Travel Broadens the Mind

If you meet someone from your home town relatively far away by coincidence, you may well say that it is a small world. If you meet someone for a second time, far from where you met the first time, again one of you might comment on what a small world it is. And indeed, if you consider the places frequented by many tourists from a single country, it is not a particularly large world. If you look at this little blue planet, in this relatively small solar system, among the billion or so stars in this medium sized galaxy which we call the Milky Way, among the billions of nameless galaxies in the known universe, then our Earth is infinitesimally small and insignificant. It is indeed a small world. But if you live in a big city then you are perhaps one of a million residents, and that makes you pretty small and insignificant. Compared with you and your humble home, however, that city of a million people and all their homes, all the office buildings, all the schools and shopping centers and parks and roads and cars and stations and trains and so on, is not so small. And that is one million. There are seven thousand million people in this world of ours, and still there are huge areas of sparsely populated jungle, desert and tundra. And two thirds of the planet is completely void of human population. How many thousands of towns and villages are there with populations of less than half a million? How many islands are there? How many beaches? How many mountains? How many rivers? How many valleys?

The Whole Wide World

The answer to the above questions is more than any man or woman has ever seen. And for those who have the time, resources and inclination, there are more than enough to stimulate interest, intrigue, wonder and amazement again and again and again. Those of us who spend most of our lives in one town, visit a few other towns in the same country and a few generic holiday resorts with familiar food and entertainment, limit ourselves to the same habitat and a very narrow range of experiences, which tends to make us relatively narrow minded and closed minded.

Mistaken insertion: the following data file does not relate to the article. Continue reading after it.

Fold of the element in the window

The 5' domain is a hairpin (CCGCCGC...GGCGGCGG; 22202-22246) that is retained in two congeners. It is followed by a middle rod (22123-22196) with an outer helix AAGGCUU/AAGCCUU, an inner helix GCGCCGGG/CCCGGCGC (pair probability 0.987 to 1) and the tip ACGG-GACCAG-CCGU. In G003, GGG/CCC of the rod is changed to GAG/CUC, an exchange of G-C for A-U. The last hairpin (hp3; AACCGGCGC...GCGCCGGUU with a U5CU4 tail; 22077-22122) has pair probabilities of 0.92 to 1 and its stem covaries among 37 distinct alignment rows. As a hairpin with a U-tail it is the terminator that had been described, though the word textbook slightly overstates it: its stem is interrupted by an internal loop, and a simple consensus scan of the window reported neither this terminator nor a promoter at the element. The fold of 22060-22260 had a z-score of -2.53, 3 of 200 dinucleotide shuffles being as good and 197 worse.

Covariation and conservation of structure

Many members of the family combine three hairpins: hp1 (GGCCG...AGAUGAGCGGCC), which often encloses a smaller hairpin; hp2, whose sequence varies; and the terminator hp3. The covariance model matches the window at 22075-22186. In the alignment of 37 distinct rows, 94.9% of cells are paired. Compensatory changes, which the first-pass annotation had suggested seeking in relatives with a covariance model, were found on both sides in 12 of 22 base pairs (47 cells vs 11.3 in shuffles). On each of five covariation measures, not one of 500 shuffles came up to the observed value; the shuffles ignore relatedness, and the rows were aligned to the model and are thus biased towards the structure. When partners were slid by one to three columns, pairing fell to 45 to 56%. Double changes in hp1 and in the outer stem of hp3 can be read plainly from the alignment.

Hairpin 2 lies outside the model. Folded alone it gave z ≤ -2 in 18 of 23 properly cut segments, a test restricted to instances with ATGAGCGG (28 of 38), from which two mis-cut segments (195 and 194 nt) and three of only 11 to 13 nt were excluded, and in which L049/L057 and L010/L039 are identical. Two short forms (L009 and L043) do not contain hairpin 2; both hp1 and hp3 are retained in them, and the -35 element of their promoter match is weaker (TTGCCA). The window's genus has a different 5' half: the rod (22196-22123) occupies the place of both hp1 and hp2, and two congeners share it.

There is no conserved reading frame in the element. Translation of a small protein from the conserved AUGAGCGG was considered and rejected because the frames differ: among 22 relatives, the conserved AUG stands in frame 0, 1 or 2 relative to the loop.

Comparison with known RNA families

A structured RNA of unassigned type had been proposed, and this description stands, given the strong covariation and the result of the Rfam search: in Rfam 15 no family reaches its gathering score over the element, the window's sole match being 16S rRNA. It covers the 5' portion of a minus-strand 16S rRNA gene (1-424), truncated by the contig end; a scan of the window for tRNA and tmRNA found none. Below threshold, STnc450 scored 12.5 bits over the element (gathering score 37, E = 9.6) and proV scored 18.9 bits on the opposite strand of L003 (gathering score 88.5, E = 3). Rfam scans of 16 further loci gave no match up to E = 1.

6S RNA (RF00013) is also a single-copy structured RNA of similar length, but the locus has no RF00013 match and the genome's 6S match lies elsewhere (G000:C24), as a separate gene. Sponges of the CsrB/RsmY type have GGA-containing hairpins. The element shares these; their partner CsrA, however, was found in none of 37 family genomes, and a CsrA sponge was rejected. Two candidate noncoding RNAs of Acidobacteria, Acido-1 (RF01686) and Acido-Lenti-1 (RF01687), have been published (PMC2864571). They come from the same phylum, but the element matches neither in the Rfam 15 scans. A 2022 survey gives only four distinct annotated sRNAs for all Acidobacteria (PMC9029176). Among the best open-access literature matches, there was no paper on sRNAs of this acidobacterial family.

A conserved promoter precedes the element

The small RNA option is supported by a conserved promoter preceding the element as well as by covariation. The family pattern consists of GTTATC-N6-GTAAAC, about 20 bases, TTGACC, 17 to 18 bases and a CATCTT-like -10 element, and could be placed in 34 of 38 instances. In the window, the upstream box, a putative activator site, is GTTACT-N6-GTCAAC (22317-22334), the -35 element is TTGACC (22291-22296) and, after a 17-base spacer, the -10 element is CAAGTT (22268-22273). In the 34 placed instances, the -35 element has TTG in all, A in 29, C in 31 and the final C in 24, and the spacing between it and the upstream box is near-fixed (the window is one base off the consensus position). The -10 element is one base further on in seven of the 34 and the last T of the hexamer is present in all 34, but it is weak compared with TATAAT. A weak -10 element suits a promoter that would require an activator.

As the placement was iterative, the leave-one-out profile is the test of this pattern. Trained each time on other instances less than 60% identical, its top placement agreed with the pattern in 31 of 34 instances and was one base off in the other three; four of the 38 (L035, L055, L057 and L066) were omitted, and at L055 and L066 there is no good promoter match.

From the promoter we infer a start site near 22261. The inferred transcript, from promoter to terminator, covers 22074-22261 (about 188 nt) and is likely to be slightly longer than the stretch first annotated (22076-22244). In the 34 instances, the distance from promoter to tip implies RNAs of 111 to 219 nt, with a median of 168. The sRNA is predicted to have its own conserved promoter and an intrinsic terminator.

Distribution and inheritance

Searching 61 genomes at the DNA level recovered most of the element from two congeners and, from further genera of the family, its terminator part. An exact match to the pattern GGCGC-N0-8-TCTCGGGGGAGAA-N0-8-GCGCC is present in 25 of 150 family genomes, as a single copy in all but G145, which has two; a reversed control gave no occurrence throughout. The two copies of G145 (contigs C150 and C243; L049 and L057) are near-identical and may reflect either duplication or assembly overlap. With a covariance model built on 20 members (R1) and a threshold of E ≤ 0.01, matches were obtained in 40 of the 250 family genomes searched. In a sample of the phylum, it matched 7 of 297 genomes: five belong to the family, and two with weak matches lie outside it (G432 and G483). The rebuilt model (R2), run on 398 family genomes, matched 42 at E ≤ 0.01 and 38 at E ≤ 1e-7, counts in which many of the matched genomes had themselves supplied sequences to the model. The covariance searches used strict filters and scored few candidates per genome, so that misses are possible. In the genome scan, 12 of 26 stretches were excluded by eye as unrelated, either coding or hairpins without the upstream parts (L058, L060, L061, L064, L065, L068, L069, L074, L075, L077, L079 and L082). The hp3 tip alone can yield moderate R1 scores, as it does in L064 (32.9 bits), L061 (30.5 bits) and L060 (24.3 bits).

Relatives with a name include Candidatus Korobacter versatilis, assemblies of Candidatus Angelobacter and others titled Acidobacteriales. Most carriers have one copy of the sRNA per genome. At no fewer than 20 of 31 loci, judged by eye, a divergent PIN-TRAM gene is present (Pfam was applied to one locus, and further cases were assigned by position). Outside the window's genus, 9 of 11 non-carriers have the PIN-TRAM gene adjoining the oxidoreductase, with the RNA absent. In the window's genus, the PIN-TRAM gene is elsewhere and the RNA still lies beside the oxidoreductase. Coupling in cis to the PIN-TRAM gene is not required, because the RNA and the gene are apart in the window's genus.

Travel makes people realize how much more there can be to life than the routines that most of us live with. Travel makes people understand that the way we live is not the norm for everyone and not necessarily the envy of all those who are different. The Western way of life in a developed country is not necessarily better than a less complicated existence in a developing country, but is often different in more ways than can be imagined or explained, and fascinatingly so if you open your mind to appreciate those people’s values and cultures. There are so many other lives, other environments and other attitudes out there, and to interact with some of them is to enrich our own lives in ways that cannot be quantified. There is so much more to travel than sight seeing.

  • Ethnic groups
  • Languages
  • Traditions
  • Festivals and foods
  • Cultural attitudes
  • Clothes and fashions or trends

A Change of Scenery

As interesting as foreign cultures and languages and cultures can be, just a change of accents and climate can make a refreshing and stimulating change from the usual faces and scenery. Even if you prefer the ease and familiarity of your own language, bear in mind that there are several countries north, south, east and west, near and far, where English is either the first language or spoken by most people as a second language. In the southern hemisphere, for example, the South Africans, Australians and Kiwis all speak languages which sound a lot like English. With just a little extra concentration you will find that you can understand and certainly be understood. Their attitudes and cultures, too, are amazingly similar to those of the northern hemisphere, considering how geographically far apart we are. You don’t need to be careful not to offend people. You can let your hair down, relax and enjoy the change of scenery. Of course it is sunny summer down south when it is miserable winter up north, so the change of climate is usually a very welcome thing. Then there is the difference in locally available goods, their prices, local fruits and many other things. In Australia, for instance, look out for wholesale diamonds in Brisbane, as well as the local brew and seasonal fruits. In New Zealand look out for Maori handicrafts and rugby players performing the Maori Haka before playing with their odd shaped balls. And in South Africa look out for Zulu beadwork as well as the sharks.

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